Outcomes of paediatric patients ventilated in a high-care area outside an intensive care unit

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Outcomes of paediatric patients ventilated in a high-care area outside an intensive care unit


JournalSouth African Medical Journal
Publication date – Aug – 2020
Authors – S Cawood, S Naidoo, G Okudo, S Velaphi, C Verwey
KeywordsMechanical ventilation, mortality, Paediatric high-care area, Paediatric intensive care unit, Resource limitations, triage
Open access – Yes
SpecialityAnaesthesia, Paediatric surgery
World region Southern Africa
Country: South Africa
Language – English
Submitted to the One Surgery Index on October 22, 2020 at 8:40 pm
Abstract:

Background. Limited availability of paediatric intensive care beds in the public sector is a major challenge in South Africa. It often results in patients being ventilated in a high-care area (HCA) outside an intensive care setting. The outcomes of paediatric patients ventilated outside a paediatric intensive care unit (ICU) are not well documented.

Objectives. To describe characteristics and outcomes of patients ventilated in a paediatric HCA.

Methods. A retrospective chart review of children (0 – 16 years) requiring mechanical ventilation in the HCA at Chris Hani Baragwanath Academic Hospital, Johannesburg, between 1 February and 31 October 2015 was performed.

Results. A total of 214 patients required mechanical ventilation during the study period. Fifty-four percent were male and 91.1% were HIV-negative. The most common diagnoses were acute lower respiratory tract infections (59.3% of the post-neonatal group, 28.8% of the neonatal group) and sepsis (6.8% of the post-neonatal group, 28.8% of the neonatal group). The ultimate rate of acceptance to an ICU was 69.0%. Only 41.6% of cases referred to an ICU were initially accepted, with limited bed availability being the main reason for refusal. Patients with respiratory illnesses were more likely and those with neurological illness less likely to be accepted to an ICU. Patients with low-risk diagnoses were more likely to be accepted than those with very high-risk diagnoses. The overall mortality rate was 32.2%, with 52.2% of these deaths occurring in the HCA. Patients aged 1 – 5 years had the highest mortality rate (48.0%). Lower respiratory tract infections (36.8%) and sepsis (20.6%) were the main causes of death. The mortality rate of suitable ICU candidates in the HCA was higher than that in an ICU (33.3% v. 24.3%). The standardised mortality ratio (SMR), as predicted by the Paediatric Index of Mortality 3 score, for all patients who died in the HCA was 3.3, while the SMR for patients who died in an ICU was 1.3. The odds ratio for mortality of suitable candidates ventilated in the HCA v. patients who were ventilated in an ICU was 1.80 (95% confidence interval 1.39 – 6.03).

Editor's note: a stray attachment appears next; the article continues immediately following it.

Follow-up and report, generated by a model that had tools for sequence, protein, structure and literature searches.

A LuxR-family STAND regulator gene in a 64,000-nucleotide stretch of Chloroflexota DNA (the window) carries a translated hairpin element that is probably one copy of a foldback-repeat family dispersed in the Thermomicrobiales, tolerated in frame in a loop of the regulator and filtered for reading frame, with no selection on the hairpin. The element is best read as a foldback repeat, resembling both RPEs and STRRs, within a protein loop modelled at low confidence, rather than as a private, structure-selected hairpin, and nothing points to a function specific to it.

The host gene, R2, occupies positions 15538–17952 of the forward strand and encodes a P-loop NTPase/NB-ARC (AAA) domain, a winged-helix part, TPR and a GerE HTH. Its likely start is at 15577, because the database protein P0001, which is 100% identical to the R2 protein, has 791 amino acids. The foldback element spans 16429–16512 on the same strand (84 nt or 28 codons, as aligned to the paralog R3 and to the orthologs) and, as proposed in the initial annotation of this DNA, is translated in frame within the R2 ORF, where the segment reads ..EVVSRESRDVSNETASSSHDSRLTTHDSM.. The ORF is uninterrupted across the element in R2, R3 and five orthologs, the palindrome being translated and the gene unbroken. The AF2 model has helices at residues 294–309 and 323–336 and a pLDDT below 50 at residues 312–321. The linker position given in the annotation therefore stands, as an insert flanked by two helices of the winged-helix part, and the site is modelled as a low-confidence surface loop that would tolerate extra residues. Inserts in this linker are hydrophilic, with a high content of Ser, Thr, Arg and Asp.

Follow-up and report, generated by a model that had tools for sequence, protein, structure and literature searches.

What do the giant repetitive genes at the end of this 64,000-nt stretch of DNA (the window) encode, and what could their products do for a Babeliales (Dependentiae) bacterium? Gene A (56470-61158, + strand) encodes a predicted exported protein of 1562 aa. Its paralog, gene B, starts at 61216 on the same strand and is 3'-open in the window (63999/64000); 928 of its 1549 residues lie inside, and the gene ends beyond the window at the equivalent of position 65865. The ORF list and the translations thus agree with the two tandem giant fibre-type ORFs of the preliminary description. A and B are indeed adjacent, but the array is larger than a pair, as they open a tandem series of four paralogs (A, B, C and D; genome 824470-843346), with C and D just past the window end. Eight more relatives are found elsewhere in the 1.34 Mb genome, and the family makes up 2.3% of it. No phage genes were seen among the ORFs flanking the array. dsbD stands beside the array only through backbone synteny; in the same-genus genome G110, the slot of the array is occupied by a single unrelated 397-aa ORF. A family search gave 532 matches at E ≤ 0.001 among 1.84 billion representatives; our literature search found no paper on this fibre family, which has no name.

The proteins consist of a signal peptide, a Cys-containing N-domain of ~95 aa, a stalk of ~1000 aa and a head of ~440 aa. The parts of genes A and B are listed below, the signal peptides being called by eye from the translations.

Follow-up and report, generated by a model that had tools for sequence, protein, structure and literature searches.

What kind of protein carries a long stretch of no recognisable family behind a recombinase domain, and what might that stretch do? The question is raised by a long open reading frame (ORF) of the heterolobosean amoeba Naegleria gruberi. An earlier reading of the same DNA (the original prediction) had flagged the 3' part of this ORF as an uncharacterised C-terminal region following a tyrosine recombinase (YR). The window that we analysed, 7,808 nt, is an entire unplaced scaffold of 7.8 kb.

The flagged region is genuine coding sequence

Conclusions. Although a reasonable number of paediatric patients ventilated in an HCA survive, survival is lower than in those ventilated in an ICU. However, offering life-supporting therapies in an HCA may offer benefit where ICU care is unavailable. Emphasis needs to be placed on improving access to ICU care as well as optimising the use of available resources.

OSI Number – 20695

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